Editorial

Patrick Lewis

University of Regina

Spring has crept its way across the prairie and with it comes our seventh issue of in education as an online, open-access journal. Interest in the journal continues to grow with our readership still growing and a steady increase in submissions to our regular and theme issues. With this growth more challenges emerge with respect to the peer review process, the concomitant workload, and time commitments. We have been very fortunate to have wide and varied contributions from reviewers across the country and around the world supporting us, and from the many authors who submit to the journal. This issue is another fine example of the interesting variety of work that scholars in the teaching and learning research context continue to contribute to the field.

Fittingly for this time of year, when the waters of the rivers and lakes are swollen with the spring runoff, we begin with an essay by Herman Michell, “The Canoe Trip: A Northern Cree Metaphor for Conducting Research.” Michell uses not only the canoe and the paddle, but also all that must go into and all that may emerge on the research journey to guide the researcher. However, everything must be framed with respect for the land, the research, and the people—pedagogy of the land. Around the first bend in this issue the canoeist will encounter the ruminations of Carl Leggo as he challenges the hierarchy of educational leadership, offering, through poetic inquiry and narrative reflection, a more rhizomatic approach to education, one that embodies a pedagogy of heart, humility, health, and hope. As we pull ashore to make camp we are greeted by Tim Molnar and his discussion of responsibility as the welcoming of difference in school, through the experience of a teacher and some of Levinas’s ideas.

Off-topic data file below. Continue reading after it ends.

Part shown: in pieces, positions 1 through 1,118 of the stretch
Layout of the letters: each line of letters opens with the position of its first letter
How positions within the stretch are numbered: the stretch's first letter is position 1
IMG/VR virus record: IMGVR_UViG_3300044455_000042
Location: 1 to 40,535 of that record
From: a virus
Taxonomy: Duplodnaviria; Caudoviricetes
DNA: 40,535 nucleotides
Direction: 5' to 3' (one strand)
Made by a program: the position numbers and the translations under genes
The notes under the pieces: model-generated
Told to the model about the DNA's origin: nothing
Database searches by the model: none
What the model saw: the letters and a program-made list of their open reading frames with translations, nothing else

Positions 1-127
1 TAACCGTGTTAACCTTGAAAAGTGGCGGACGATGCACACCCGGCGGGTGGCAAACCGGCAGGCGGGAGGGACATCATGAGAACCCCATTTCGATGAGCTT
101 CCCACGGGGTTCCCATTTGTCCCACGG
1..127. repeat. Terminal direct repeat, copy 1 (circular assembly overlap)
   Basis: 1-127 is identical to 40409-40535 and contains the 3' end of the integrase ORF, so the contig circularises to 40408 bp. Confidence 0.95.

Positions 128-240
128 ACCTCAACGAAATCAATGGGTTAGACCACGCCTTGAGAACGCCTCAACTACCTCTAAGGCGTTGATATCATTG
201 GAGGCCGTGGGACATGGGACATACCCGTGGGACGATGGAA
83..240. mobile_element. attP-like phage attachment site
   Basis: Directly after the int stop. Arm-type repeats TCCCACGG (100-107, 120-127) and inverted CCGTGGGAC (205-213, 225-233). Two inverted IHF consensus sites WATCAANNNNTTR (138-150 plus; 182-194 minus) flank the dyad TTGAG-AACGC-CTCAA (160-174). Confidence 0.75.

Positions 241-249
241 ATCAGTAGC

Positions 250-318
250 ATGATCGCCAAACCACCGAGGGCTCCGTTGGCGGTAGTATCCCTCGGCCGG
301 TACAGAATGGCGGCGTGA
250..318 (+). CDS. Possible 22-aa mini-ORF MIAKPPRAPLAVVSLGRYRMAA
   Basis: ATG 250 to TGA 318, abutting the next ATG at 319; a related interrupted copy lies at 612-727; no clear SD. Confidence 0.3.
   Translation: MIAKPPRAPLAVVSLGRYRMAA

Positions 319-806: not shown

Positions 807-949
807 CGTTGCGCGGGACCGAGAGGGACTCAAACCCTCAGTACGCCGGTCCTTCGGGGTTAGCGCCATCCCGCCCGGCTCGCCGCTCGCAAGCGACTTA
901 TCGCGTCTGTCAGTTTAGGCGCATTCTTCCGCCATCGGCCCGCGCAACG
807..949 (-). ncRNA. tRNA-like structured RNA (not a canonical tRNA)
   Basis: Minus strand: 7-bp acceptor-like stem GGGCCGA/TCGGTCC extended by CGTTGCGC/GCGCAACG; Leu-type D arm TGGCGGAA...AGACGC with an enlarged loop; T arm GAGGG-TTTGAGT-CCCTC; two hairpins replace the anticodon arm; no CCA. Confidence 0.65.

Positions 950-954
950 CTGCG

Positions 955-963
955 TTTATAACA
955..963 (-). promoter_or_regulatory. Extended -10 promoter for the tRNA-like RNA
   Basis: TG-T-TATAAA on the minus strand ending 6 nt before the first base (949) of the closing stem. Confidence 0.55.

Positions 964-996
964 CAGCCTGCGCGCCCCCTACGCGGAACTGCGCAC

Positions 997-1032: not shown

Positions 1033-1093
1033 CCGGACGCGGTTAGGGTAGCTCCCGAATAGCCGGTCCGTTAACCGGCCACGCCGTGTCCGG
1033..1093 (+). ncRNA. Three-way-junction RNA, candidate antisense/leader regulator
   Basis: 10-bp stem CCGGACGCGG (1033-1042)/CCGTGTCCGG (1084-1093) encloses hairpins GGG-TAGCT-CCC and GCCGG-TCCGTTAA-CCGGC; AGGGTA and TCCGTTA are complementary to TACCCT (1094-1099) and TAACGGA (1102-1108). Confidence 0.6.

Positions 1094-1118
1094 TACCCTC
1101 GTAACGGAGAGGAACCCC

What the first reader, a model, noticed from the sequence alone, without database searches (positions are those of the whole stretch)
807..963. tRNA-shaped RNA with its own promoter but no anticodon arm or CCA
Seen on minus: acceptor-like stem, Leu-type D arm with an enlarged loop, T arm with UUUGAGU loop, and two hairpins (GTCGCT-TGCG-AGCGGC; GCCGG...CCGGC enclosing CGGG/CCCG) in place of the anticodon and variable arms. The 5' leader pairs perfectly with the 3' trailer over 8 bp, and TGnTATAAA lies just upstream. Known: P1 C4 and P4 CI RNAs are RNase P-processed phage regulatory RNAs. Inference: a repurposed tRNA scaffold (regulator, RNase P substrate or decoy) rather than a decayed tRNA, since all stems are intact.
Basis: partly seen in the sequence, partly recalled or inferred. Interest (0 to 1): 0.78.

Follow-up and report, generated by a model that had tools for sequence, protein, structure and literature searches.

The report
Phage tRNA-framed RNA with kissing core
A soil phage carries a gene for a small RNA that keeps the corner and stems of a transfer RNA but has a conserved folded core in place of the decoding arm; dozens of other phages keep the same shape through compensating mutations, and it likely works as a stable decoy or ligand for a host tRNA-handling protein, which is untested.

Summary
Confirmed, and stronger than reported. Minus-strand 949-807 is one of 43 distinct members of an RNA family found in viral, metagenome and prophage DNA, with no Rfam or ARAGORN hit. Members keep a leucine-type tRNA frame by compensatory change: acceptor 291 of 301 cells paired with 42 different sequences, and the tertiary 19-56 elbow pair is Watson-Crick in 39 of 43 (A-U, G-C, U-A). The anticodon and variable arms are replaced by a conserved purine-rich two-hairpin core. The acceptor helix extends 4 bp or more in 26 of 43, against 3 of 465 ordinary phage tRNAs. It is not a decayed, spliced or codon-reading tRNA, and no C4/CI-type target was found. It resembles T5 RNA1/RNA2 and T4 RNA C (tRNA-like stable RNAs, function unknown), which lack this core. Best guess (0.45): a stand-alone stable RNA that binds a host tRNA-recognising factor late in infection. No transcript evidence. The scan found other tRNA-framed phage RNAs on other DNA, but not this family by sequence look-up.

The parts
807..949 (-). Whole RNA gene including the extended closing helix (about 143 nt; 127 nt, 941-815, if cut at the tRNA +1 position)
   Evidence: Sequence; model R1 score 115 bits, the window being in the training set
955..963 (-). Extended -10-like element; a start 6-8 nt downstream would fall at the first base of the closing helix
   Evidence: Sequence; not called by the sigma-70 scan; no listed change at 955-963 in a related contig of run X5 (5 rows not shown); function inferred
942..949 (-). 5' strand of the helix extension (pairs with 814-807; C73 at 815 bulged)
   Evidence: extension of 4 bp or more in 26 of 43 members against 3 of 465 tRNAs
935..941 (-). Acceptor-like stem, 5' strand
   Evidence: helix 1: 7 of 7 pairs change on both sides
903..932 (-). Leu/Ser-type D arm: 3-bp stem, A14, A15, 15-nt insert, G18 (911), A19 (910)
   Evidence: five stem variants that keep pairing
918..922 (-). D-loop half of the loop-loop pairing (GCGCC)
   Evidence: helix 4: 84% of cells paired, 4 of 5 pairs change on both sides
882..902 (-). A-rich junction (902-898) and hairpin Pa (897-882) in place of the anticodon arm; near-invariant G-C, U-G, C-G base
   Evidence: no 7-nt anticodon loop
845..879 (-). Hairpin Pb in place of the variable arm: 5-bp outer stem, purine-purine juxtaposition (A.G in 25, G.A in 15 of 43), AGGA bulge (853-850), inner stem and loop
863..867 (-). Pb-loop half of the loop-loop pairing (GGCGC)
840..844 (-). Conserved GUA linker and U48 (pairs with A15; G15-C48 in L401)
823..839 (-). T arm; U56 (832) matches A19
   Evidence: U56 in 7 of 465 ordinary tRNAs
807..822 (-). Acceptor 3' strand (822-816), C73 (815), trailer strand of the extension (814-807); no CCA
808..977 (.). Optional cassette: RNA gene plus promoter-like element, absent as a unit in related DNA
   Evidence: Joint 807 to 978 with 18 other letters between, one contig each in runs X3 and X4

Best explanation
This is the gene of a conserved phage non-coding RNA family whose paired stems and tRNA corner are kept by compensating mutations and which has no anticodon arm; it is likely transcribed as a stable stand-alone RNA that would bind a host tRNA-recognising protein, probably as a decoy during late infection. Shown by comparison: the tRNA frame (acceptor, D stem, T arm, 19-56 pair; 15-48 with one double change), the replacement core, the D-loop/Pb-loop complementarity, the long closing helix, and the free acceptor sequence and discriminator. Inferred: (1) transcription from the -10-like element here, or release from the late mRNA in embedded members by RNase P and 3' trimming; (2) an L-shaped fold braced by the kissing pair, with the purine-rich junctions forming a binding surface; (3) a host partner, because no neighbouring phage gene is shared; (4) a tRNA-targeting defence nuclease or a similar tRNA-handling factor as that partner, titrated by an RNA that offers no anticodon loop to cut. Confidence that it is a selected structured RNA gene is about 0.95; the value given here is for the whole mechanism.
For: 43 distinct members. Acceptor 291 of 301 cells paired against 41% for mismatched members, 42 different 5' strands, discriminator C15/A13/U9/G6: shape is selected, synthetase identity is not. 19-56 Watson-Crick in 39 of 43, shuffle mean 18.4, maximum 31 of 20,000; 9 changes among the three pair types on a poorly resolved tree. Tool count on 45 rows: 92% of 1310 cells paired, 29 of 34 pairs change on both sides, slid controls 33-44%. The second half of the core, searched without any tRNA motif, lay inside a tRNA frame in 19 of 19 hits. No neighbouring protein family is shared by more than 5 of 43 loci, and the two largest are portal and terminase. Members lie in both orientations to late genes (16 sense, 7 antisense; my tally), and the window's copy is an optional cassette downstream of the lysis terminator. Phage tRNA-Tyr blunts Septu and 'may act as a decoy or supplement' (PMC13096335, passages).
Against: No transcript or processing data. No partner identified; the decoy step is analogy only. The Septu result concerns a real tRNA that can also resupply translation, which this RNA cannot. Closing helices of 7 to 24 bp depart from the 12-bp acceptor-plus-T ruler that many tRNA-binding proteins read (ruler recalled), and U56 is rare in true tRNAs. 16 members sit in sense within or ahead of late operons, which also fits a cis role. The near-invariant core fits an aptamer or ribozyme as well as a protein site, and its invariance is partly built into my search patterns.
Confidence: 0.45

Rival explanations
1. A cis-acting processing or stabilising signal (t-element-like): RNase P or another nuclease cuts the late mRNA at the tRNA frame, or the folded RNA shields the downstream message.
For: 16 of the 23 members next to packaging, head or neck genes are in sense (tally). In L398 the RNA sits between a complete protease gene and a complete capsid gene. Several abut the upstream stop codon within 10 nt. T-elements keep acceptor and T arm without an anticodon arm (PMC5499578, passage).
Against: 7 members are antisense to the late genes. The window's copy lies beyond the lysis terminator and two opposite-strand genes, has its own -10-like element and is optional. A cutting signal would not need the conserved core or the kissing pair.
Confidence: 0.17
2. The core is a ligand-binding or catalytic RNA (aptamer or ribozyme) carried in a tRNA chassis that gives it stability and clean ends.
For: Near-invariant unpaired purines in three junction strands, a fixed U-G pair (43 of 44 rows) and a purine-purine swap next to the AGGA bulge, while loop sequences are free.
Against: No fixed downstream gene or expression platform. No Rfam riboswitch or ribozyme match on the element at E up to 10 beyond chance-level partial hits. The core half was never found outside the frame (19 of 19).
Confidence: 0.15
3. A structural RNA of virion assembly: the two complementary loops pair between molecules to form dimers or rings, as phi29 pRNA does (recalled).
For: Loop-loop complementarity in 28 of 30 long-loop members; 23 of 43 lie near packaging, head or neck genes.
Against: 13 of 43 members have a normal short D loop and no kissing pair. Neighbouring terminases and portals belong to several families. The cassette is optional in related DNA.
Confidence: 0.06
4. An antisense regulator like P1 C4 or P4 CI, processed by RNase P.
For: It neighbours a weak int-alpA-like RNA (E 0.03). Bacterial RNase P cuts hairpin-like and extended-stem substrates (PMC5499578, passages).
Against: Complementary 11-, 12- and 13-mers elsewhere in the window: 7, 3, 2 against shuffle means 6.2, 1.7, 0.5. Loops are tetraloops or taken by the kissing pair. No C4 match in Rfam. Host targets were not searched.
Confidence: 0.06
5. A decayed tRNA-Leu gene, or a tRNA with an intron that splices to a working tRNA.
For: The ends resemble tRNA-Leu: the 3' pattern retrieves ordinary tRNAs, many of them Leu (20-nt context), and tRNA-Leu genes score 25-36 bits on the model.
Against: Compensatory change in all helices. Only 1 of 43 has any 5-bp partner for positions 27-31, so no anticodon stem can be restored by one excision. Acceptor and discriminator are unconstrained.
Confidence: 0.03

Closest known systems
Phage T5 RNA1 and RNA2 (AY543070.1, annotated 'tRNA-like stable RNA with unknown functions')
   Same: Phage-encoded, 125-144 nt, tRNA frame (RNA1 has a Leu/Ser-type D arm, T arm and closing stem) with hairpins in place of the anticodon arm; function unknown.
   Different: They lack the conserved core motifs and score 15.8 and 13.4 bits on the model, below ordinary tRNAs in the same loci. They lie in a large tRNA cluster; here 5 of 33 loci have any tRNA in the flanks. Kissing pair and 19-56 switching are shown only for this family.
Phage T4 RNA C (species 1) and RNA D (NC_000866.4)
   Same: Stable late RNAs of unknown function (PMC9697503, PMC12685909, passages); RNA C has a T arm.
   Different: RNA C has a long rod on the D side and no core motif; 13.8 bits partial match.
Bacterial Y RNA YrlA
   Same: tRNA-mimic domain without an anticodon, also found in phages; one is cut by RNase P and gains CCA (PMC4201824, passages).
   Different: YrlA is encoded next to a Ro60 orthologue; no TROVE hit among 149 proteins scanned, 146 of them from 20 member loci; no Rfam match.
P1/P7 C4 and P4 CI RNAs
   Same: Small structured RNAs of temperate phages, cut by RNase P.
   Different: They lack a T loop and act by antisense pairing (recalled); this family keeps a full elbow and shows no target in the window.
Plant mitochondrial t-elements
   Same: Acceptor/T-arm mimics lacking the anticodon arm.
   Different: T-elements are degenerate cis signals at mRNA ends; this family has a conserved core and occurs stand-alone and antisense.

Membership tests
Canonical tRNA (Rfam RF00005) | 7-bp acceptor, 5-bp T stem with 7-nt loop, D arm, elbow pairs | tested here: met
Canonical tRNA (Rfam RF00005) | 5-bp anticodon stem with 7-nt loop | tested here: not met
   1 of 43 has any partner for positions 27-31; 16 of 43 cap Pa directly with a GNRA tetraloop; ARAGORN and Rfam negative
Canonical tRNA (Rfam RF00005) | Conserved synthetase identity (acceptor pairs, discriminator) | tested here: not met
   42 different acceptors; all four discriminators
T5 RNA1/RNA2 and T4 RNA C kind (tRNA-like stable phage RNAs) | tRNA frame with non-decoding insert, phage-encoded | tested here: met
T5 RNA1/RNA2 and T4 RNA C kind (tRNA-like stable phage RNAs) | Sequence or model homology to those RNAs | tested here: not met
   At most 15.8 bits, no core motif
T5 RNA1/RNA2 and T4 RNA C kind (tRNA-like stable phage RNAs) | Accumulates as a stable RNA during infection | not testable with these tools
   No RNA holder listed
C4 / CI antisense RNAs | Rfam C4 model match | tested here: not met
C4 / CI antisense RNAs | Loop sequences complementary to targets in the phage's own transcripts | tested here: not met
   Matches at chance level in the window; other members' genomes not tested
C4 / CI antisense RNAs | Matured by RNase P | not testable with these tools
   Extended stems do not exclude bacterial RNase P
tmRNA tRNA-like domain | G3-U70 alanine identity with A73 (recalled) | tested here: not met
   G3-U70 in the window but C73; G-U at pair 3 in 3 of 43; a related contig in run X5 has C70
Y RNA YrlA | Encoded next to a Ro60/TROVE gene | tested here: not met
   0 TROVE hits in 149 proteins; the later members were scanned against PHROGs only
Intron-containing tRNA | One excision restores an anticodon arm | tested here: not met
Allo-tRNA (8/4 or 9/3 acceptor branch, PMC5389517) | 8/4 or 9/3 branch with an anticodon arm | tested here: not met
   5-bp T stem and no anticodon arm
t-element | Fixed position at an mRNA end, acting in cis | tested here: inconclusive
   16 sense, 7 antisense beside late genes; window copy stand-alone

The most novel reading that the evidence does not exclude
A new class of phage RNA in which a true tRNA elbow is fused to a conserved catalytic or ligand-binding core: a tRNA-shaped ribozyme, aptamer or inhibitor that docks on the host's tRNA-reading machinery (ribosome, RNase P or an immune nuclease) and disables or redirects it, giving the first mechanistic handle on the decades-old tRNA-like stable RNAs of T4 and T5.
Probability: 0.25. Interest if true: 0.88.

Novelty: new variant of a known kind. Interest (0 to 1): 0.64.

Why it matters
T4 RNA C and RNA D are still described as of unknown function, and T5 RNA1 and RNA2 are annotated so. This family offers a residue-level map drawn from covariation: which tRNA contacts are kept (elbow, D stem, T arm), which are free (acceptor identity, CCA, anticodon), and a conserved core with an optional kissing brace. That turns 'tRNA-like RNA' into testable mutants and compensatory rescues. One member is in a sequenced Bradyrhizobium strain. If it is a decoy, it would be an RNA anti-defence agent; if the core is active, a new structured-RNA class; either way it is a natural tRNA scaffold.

No matter how many times one may journey up or down the research river there is always something new, around the bend, past the rapids, or on the portage. Sean Wiebe and Indrani Margolin remind the canoeist of the importance of relationship in the pursuit of living with poetic consciousness not just in teaching, but also in life, every moment of it. Working together they find that poetic consciousness in pedagogy can be simultaneously integrative and disruptive. Patricia Elliot reminds the canoeist of the history of the research river and the importance of remembering that the way things are is not how they have always been. In her piece she takes up the story of school consolidation and how the role of local schools has changed under the aegis of "progress” but in stark contrast to the desires of local school community members. Finally, as we approach the end of the research river we come toward the seemingly placid waters of the lake, but skirting its ambit is Robert Regnier’s discussion of leadership through integral development and the need to continue to move toward SchoolPLUS in Saskatchewan.

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